Publications

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2011
Wu, HR, Chen YT, Su YH, Luo YJ, Holland LZ, Yu JK.  2011.  Asymmetric localization of germline markers Vasa and Nanos during early development in the amphioxus Branchiostoma floridae. Developmental Biology. 353:147-159.   10.1016/j.ydbio.2011.02.014   AbstractWebsite

The origin of germline cells was a crucial step in animal evolution. Therefore, in both developmental biology and evolutionary biology, the mechanisms of germline specification have been extensively studied over the past two centuries. However, in many animals, the process of germline specification remains unclear. Here, we show that in the cephalochordate amphioxus Branchiostoma floridae, the germ cell-specific molecular markers Vasa and Nanos become localized to the vegetal pole cytoplasm during oogenesis and are inherited asymmetrically by a single blastomere during cleavage. After gastrulation, this founder cell gives rise to a cluster of progeny that display typical characters of primordial germ cells (PGCs). Blastomeres separated at the two-cell stage grow into twin embryos, but one of the twins fails to develop this Vasa-positive cell population, suggesting that the vegetal pole cytoplasm is required for the formation of putative PGCs in amphioxus embryos. Contrary to the hypothesis that cephalochordates may form their PGCs by epigenesis, our data strongly support a preformation mode of germ cell specification in amphioxus. In addition to the early localization of their maternal transcripts in the putative PGCs, amphioxus Vasa and Nanos are also expressed zygotically in the tail bud, which is the posterior growth zone of amphioxus. Thus, in addition to PGC specification, amphioxus Vasa and Nanos may also function in highly proliferating somatic stem cells. (C) 2011 Elsevier Inc. All rights reserved.

2010
Onai, T, Yu JK, Blitz IL, Cho KWY, Holland LZ.  2010.  Opposing Nodal/Vg1 and BMP signals mediate axial patterning in embryos of the basal chordate amphioxus. Developmental Biology. 344:377-389.   10.1016/j.ydbio.2010.05.016   AbstractWebsite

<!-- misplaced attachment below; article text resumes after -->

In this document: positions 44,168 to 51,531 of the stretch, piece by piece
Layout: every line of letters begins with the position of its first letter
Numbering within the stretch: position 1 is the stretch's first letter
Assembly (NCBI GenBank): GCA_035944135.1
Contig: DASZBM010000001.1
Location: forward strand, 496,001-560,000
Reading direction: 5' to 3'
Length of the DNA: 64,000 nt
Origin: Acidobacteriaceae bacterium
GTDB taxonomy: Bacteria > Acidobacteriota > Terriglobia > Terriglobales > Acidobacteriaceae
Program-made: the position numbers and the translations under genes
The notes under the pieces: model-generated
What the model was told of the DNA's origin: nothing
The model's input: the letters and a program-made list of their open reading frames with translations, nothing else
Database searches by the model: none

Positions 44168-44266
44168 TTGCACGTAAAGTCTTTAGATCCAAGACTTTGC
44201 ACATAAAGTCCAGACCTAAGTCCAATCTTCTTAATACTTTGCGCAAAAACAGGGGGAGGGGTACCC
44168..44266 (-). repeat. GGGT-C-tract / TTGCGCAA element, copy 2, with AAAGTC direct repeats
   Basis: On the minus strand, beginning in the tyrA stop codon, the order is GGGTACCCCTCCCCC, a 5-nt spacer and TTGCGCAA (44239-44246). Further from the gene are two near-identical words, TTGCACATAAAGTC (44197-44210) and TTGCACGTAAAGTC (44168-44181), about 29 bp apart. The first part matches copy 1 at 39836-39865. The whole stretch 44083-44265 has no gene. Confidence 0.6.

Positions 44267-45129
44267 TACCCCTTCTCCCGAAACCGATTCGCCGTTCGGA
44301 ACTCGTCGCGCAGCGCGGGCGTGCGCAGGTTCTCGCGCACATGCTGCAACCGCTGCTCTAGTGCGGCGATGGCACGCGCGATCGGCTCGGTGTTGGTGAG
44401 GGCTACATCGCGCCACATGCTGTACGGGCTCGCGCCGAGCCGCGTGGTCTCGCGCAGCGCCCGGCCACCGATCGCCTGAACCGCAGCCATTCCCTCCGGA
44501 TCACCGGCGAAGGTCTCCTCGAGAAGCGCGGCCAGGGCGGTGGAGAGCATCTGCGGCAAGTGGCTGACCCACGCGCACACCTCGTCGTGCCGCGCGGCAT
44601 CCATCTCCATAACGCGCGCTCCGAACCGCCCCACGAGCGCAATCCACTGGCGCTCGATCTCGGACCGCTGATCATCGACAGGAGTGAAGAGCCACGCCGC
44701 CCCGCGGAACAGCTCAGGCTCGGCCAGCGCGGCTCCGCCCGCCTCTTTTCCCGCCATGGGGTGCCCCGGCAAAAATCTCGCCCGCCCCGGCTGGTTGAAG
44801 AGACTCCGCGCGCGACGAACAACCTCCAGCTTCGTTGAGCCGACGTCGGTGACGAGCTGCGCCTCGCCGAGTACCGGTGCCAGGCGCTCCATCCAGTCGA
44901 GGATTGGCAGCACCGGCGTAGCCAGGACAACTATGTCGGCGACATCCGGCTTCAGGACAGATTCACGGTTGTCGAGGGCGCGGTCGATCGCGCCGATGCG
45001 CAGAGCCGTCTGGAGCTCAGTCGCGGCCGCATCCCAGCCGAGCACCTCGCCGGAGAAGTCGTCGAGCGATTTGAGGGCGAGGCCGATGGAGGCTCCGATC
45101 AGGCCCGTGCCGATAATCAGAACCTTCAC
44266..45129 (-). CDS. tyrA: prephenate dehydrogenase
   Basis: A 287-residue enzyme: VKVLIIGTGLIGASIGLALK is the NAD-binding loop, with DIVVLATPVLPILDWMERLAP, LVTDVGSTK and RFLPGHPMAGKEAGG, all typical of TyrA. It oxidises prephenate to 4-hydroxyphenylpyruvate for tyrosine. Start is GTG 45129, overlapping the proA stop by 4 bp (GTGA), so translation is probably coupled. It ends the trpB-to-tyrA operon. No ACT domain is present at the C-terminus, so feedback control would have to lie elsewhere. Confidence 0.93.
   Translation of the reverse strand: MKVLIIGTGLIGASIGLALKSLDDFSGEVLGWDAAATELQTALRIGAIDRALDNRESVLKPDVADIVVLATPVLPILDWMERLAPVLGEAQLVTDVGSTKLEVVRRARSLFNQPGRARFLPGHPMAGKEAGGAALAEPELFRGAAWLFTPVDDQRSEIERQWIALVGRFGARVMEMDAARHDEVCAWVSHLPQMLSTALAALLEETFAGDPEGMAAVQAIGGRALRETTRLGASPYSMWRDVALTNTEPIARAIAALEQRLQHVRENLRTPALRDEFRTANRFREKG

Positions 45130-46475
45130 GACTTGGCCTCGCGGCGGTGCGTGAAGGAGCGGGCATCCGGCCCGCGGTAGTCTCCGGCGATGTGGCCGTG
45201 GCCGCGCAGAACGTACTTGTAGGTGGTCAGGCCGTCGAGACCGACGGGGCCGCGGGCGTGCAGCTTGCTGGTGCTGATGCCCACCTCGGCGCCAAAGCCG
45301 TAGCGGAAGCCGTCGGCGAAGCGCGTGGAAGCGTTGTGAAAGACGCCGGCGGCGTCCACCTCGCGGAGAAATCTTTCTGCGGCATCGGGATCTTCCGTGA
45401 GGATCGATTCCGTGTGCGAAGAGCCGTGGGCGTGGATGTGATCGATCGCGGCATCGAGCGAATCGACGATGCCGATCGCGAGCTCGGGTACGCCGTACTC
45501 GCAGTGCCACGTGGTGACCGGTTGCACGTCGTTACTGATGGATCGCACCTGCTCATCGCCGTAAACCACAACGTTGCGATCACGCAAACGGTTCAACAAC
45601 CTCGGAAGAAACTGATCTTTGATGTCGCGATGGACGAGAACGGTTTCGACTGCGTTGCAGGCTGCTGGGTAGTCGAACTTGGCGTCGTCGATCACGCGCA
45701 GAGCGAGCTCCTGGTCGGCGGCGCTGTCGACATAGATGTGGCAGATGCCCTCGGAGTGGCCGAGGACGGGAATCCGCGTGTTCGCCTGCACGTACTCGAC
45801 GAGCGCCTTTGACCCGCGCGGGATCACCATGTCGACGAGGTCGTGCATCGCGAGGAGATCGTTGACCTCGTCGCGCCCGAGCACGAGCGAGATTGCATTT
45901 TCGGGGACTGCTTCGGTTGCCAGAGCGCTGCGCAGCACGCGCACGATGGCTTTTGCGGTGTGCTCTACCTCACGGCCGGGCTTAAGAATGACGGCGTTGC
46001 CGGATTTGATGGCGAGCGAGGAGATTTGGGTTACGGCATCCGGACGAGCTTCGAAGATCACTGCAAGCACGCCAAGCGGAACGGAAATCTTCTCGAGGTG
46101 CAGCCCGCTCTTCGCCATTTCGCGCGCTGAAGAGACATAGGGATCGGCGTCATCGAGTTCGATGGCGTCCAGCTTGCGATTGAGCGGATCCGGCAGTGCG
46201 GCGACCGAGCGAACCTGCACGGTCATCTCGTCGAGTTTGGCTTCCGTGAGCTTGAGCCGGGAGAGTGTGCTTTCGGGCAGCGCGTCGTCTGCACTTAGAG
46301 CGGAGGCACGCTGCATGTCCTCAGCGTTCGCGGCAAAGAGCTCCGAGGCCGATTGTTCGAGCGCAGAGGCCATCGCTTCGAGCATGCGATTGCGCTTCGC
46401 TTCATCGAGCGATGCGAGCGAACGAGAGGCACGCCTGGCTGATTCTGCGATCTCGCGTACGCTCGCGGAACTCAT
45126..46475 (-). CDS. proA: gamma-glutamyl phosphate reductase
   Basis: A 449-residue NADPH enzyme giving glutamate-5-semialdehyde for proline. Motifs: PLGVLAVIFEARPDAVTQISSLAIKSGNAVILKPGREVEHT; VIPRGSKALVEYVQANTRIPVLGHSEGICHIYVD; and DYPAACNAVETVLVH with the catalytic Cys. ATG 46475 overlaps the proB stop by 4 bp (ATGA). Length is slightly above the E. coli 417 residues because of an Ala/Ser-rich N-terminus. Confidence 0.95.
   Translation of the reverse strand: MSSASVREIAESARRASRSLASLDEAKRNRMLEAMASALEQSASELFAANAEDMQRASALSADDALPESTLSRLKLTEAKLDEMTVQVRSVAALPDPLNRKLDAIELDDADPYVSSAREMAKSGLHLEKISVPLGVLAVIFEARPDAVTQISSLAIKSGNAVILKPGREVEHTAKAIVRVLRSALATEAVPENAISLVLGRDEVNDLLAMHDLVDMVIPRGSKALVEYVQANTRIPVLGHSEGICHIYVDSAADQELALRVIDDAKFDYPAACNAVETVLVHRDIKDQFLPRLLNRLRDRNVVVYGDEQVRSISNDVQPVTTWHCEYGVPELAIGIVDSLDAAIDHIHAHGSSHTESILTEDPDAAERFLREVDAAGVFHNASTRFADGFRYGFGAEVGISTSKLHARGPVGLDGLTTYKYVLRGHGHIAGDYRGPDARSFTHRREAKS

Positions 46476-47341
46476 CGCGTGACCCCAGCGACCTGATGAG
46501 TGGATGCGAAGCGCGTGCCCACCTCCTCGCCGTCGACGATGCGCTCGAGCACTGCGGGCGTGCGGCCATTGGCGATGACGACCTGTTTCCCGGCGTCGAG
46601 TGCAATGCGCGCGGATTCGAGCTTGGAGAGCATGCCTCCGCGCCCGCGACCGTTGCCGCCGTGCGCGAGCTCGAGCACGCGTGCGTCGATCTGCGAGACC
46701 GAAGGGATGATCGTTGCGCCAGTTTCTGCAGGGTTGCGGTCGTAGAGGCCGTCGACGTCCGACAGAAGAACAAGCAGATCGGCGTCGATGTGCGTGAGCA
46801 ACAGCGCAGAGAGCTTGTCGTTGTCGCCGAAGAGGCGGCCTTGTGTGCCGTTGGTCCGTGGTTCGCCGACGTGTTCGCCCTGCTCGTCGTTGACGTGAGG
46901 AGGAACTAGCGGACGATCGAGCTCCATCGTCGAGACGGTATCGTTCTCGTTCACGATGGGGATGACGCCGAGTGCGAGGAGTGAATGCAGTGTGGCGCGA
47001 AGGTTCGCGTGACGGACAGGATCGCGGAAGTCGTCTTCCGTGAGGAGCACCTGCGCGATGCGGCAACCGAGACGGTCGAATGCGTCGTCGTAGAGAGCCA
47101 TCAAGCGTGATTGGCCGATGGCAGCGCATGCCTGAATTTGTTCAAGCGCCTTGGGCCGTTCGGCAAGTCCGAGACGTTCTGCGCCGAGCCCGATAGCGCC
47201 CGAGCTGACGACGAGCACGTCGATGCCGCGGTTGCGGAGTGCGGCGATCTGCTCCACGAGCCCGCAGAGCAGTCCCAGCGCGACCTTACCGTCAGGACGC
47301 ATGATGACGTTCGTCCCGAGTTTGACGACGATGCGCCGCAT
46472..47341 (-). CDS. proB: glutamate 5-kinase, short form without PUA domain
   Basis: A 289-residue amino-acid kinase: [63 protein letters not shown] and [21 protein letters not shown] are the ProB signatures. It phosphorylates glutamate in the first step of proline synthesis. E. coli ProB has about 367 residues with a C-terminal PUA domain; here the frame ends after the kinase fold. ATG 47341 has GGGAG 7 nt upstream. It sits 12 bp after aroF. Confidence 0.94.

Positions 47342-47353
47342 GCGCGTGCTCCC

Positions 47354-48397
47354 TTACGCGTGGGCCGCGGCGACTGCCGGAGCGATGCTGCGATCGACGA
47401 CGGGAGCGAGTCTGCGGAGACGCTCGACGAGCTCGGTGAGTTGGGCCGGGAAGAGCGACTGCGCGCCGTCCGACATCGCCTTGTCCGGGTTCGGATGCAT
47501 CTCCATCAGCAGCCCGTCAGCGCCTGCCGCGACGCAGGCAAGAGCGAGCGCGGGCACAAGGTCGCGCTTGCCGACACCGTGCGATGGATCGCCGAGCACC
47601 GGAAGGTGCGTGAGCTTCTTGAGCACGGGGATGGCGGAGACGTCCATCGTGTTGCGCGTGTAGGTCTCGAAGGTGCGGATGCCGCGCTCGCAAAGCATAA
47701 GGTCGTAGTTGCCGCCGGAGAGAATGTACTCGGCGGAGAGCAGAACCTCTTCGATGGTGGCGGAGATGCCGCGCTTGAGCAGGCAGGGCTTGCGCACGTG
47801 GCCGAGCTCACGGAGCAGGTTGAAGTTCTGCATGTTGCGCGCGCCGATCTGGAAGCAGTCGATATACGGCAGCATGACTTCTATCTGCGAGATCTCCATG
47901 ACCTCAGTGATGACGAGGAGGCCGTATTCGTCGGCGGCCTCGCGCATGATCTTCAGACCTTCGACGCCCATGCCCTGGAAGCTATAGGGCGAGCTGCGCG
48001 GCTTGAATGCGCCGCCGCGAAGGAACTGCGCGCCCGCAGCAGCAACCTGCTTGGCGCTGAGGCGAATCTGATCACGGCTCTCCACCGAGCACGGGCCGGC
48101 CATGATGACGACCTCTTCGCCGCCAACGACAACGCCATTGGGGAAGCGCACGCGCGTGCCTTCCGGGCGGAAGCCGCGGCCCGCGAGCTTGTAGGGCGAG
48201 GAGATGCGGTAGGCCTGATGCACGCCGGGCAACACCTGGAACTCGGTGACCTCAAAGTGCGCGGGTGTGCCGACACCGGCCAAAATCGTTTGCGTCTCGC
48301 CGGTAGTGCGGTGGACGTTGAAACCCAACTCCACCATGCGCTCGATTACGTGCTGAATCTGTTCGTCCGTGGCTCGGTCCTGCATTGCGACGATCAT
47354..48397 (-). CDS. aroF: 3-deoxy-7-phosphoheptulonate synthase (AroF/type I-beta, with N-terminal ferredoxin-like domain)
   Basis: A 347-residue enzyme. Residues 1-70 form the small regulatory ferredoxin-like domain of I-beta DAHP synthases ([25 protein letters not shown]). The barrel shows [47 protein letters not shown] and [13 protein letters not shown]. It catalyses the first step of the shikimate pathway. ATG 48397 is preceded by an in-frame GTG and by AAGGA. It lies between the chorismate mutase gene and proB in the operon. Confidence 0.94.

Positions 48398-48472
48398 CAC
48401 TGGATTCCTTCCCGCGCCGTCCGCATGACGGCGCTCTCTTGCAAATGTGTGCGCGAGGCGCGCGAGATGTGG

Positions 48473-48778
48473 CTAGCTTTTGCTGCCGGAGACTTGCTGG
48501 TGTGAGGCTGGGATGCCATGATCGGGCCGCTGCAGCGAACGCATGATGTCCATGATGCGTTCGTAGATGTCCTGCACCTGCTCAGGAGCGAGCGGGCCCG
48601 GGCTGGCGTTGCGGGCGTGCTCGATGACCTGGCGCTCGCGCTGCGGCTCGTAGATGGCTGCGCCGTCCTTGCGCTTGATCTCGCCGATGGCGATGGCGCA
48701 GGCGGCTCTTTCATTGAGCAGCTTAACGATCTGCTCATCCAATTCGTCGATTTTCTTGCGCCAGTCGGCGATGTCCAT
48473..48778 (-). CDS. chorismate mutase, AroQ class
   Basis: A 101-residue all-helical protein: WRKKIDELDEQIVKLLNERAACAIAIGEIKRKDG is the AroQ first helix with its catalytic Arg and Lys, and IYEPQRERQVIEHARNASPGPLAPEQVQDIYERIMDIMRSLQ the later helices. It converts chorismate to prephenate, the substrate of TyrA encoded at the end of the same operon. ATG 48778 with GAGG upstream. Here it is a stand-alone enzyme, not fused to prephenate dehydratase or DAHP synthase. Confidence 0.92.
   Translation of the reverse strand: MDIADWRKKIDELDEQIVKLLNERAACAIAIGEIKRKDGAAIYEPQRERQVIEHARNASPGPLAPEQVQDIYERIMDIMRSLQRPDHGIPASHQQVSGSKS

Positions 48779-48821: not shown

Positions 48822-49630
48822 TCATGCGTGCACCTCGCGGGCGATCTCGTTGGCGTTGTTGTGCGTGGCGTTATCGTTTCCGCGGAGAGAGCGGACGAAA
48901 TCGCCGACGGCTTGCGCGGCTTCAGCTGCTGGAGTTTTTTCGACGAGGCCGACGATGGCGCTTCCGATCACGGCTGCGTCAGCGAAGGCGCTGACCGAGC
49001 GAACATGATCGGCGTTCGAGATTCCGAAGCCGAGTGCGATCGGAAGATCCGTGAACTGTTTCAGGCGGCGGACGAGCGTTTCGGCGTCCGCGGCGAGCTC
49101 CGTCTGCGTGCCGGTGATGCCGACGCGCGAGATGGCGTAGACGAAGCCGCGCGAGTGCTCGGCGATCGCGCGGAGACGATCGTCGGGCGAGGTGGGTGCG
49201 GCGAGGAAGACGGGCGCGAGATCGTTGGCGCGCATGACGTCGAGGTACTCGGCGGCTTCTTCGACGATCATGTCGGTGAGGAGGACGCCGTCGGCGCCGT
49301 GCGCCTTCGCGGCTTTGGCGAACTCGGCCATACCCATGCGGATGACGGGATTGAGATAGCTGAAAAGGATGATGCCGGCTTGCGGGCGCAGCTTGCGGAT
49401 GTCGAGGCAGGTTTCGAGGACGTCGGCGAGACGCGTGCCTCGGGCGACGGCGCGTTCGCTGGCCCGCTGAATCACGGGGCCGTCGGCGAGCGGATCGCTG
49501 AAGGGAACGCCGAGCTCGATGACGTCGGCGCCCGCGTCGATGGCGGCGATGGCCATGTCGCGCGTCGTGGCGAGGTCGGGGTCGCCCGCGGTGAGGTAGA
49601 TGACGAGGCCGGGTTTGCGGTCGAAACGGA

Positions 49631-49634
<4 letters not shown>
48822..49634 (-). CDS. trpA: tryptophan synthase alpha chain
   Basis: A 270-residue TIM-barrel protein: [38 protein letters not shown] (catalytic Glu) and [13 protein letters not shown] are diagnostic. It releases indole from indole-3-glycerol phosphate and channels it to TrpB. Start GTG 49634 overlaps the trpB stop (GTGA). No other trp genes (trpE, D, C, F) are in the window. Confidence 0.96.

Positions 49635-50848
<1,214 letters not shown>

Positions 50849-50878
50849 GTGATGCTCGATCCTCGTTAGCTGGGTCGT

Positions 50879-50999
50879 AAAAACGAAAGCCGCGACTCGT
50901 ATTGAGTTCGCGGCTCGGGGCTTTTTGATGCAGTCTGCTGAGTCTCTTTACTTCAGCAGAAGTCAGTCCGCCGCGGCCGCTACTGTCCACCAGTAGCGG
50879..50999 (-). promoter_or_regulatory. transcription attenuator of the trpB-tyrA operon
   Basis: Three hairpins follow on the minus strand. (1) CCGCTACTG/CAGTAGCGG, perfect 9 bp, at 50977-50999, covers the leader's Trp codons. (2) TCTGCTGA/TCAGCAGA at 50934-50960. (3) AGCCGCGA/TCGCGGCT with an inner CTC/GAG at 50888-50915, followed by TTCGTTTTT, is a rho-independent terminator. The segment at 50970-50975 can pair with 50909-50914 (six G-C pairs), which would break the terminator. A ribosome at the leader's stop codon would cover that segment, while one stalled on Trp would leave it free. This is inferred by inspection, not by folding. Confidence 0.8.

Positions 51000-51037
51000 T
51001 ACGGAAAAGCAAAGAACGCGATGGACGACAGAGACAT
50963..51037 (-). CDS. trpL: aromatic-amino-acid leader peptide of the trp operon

The basal chordate amphioxus resembles vertebrates in having a dorsal, hollow nerve cord, a notochord and somites However, it lacks extensive gene duplications, and its embryos are small and gastrulate by simple invagination Here we demonstrate that Nodal/Vg1 signaling acts from early cleavage through the gastrula stage to specify and maintain dorsal/anterior development while, starting at the early gastrula stage, BMP signaling promotes ventral/posterior identity Knockdown and gain-of-function experiments show that these pathways act in opposition to one another Signaling by these pathways is modulated by dorsally and/or anteriorly expressed genes including Chordin, Cerberus, and Blimp1. Overexpression and/or reporter assays in Xenopus demonstrate that the functions of these proteins are conserved between amphioxus and vertebrates. Thus, a fundamental genetic mechanism for axial patterning involving opposing Nodal and BMP signaling is present in amphioxus and probably also in the common ancestor of amphioxus and vertebrates or even earlier in deuterostome evolution (C) 2010 Elsevier Inc. All rights reserved

1994
Holland, PWH, Garcia-Fernandez J, Holland LZ, Williams NA, Holland ND.  1994.  The Molecular Control of Spatial Patterning in Amphioxus. Journal of the Marine Biological Association of the United Kingdom. 74:49-60. AbstractWebsite

The embryology of amphioxus (Chordata: Cephalochordata) has features in common with vertebrate embryology, reflecting a dose phylogenetic relationship between the two taxa. Amphioxus differs from vertebrates, however, in having less complex organogenesis and cranial morphogenesis, and less specialization along the anteroposterior body axis. Here we illustrate this by describing the embryology of an amphioxus species, Branchiostoma floridae. To gain further insight into the origins, evolutionary divergence and comparative embryology of these taxa, we are comparing the molecular control of embryonic development in amphioxus and vertebrates. For these analyses, we are focusing on homeobox genes: a diverse multigene family implicated in developmental control in many Metazoa. We report the results of PCR-based experiments which reveal that the amphioxus genome has homeobox genes from several recognized gene classes. The PCR experiments also suggest that amphioxus has fewer 'Hox' and 'Msx' class homeobox genes than do vertebrates. We suggest, therefore, that amphioxus may be a living descendant from an intermediate stage in the evolution of homeobox gene family complexity, and the complexity of vertebrate developmental control. The pattern of gene expression during embryogenesis has been described for one amphioxus homeobox gene of the Hox class. This gene is primarily expressed in the presumptive neural tube of amphioxus neurulae, later embryos and larvae, in a spatially-restricted manner. The expression data lead us to suggest that Hox genes are involved in the control of spatial patterning in the neural tube of amphioxus; the data are also interpreted as giving insight into possible homology between the amphioxus and vertebrate body plans.